With the ever-growing number of apps and games in the Windows Store, it is becoming increasingly difficult to keep up with what's out there.

For that reason, every Friday we showcase some apps that have piqued our interest. They may have been in the news recently, they may be new to the Windows Store, or they could simply be old apps that we just stumbled upon.

They are the 5 Intriguing Apps of the Week.

Oh Clock

1. Oh Clock

Oh Clock is an all-in-one universal app for everything time-related. First and foremost, it is a world clock, displaying your local time front and center. You can add at least one city from any country in the world to your view to keep track of what the time is there.

Do you have varying work schedule? There is an alarm clock that can handle multiple entries, so you can set it for the week, or even longer.

Oh Clock also has a countdown timer for timing the blinds in your weekly poker game or keeping track of that bunt cake in the oven. Every alarm and counter you create can be named, making them easy to track.

You will also find a day counter and the obligatory stopwatch.

But it isn't just the collection these standard functions that make Oh Clock worth checking out. Oh Clock has a streamlined interface suited for Windows 10. It is simple, fast and without clutter.

Plus, it is available on Windows and Windows Phone.

The free version is fully-functional with some limitations on the number of alarms you can set, etc. The upgrade to pro if free for the time being, so grab it while you can.

Music Mode

2. Music Mode

Music Mode is an alternative to Groove Music player on Windows and Windows Phone, that has recently been optimized for Windows 10. It uses a beautiful, sleek dark theme to display your albums as tiles.

On the app's start screen, you can view your music by artist, album, genre, newly added, and decade. These categories can all be added or removed in the options.

Music Mode's "Auto Pilot" function lets you set up sort of a one-button playlist, so if you play a song, you can have it automatically choose what will come next. For instance, you can have it play all albums by that artist, shuffle the genre, randomize all of your music, etc. There's even an option to have your tunes start up automatically if the app shut down mid-song.

There are a bunch of other cool features and customizations as well. Music Mode will fetch metadata from the internet and let you sort your music collection and playlists simply by dragging and dropping.

You can also have it show notifications for each song that plays if the app is running in the background.

This is one of the better third-party music apps I have used for Windows. It is fast, stable, and feature-rich.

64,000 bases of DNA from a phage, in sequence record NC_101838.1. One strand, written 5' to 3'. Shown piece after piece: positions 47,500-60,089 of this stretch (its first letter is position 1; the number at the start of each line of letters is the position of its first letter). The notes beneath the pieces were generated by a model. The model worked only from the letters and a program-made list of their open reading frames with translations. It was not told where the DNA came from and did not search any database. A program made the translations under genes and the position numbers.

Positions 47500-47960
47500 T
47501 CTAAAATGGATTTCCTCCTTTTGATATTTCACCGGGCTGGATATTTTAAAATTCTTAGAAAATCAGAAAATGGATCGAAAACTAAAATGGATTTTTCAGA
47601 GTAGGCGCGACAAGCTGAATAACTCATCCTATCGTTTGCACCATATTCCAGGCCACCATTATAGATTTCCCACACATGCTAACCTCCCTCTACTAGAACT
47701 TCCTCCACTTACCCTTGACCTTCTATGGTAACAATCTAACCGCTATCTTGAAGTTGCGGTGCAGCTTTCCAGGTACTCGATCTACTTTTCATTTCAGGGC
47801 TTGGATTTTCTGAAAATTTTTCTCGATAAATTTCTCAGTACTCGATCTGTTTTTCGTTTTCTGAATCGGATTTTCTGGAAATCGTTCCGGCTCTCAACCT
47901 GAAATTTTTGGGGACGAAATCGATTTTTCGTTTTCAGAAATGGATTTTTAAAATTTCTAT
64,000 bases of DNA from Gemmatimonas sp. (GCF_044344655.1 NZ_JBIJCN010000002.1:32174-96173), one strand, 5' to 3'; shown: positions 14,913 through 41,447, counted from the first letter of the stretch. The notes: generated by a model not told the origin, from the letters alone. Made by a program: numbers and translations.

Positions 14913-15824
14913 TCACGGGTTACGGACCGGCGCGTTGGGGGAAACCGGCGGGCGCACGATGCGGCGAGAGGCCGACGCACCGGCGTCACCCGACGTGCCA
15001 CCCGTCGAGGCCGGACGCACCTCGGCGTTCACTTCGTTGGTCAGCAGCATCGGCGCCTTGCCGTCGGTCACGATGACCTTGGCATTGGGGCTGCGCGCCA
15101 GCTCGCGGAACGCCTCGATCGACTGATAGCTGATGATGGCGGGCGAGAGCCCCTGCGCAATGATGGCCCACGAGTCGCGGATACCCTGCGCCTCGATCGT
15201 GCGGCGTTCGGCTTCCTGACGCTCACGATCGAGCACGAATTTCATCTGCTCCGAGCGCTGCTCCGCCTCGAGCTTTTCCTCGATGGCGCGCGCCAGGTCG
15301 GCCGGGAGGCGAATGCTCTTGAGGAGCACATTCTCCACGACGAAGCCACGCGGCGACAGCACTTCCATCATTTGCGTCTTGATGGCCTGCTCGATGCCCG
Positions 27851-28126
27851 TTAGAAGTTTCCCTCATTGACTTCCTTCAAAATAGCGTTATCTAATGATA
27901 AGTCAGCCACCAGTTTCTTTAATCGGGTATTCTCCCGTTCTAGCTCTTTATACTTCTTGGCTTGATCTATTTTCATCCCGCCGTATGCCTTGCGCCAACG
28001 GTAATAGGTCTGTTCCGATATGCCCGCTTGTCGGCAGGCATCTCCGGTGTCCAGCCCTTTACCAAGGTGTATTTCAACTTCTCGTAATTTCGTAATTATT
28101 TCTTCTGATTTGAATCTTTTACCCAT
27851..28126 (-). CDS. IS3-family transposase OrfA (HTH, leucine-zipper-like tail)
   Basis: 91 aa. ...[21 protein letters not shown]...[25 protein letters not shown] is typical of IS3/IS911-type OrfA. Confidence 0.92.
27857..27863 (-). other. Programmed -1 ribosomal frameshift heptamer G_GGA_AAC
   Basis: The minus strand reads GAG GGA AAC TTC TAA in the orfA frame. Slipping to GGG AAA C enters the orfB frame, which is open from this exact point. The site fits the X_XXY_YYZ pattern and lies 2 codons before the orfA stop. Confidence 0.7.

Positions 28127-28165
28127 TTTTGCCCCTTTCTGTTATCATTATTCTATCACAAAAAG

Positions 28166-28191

Music Mode is free, but there is a Pro version that adds streaming to DLNA devices, FLAC and ALAC playback, and some other perks. All of these are free for 30 days in the free app.


3. Latermark

Latermark, formerly known as Read It Later, is a third-party Pocket client for Windows and Windows Phone. If you aren't familiar, Pocket lets you bookmark webpages so you can read them later offline.

Latermark gives you full access to your Pocket account, letting you add, delete, or archive entries from your list. You can also use it to create tags to categorize them or mark items as favorites for quick access.

Because it is linked to your online account, Latermark will sync changes nearly instantly between devices.

Additionally, any pocketed URL can be displayed in the built-in reader or opened directly in your browser. They can even be downloaded for offline access.

Latermark has integrated lockscreen support and the ability to pin individual items to your Start menu. They are also sharable directly to and from other apps.

It is free, with some optional in-app purchases available.


4. AlphaCore

Occasionally, we come across an app that the vast majority of users will never use, but we highlight them anyway because they deserve some recognition. AlphaCore is just such an app.

AlphaCore was developed by a speech pathologist to aid those who are speech impaired due to ALS, MND, or other conditions communicate with loved ones and caregivers. The app uses four different keyboards that have letters, numbers, symbols, words, phrases, and emoticons and use intuitive prediction. The app can then convert the text to speech.

AlphaCore supports several types of controller inputs, including keyboard (wired or Bluetooth), mouse, trackpad/trackball, joystick, touchscreen, and even head or eye trackers.

Like I said, it is not an app that the average Windows 10 user is going to purchase, especially at $149.99, but it is inspiring to see the platform being used in such a way.

Eyefi Mobi

5. Eyefi Mobi

Eyefi Mobi is the official app for the company of the same name that manufactures SD cards with built-in wireless capabilities for digital cameras. The purpose is to connect to a smartphone or computer to transfer photos.

The app, which already existed for Windows Phone 8.1 has been updated as a universal app for Windows 10.

With Eyefi Mobi, simply opening the app will connect to your camera's Eyefi Mobi card in your camera. Don't have a camera with a card? That's OK, you can use it between your smartphone and computer directly.

The app lets you create photo albums, view EXIF data, and see photos from all of your devices all at once.

Eyefi also offers a cloud service that will sync your images on all of your devices, as well as manage and edit them.

Whether you're a novice photographer simply snapping pics on your phone or a serious shooter, Eyefi Mobi has a range of helpful tools and services.

QR: Eyefi Mobi

Be sure to check out our other selections from previous weeks. Have a great weekend!

Do you have an app you want us to highlight? Drop us an email at tips@windowscentral.com with "5 Intriguing Apps" in the subject line.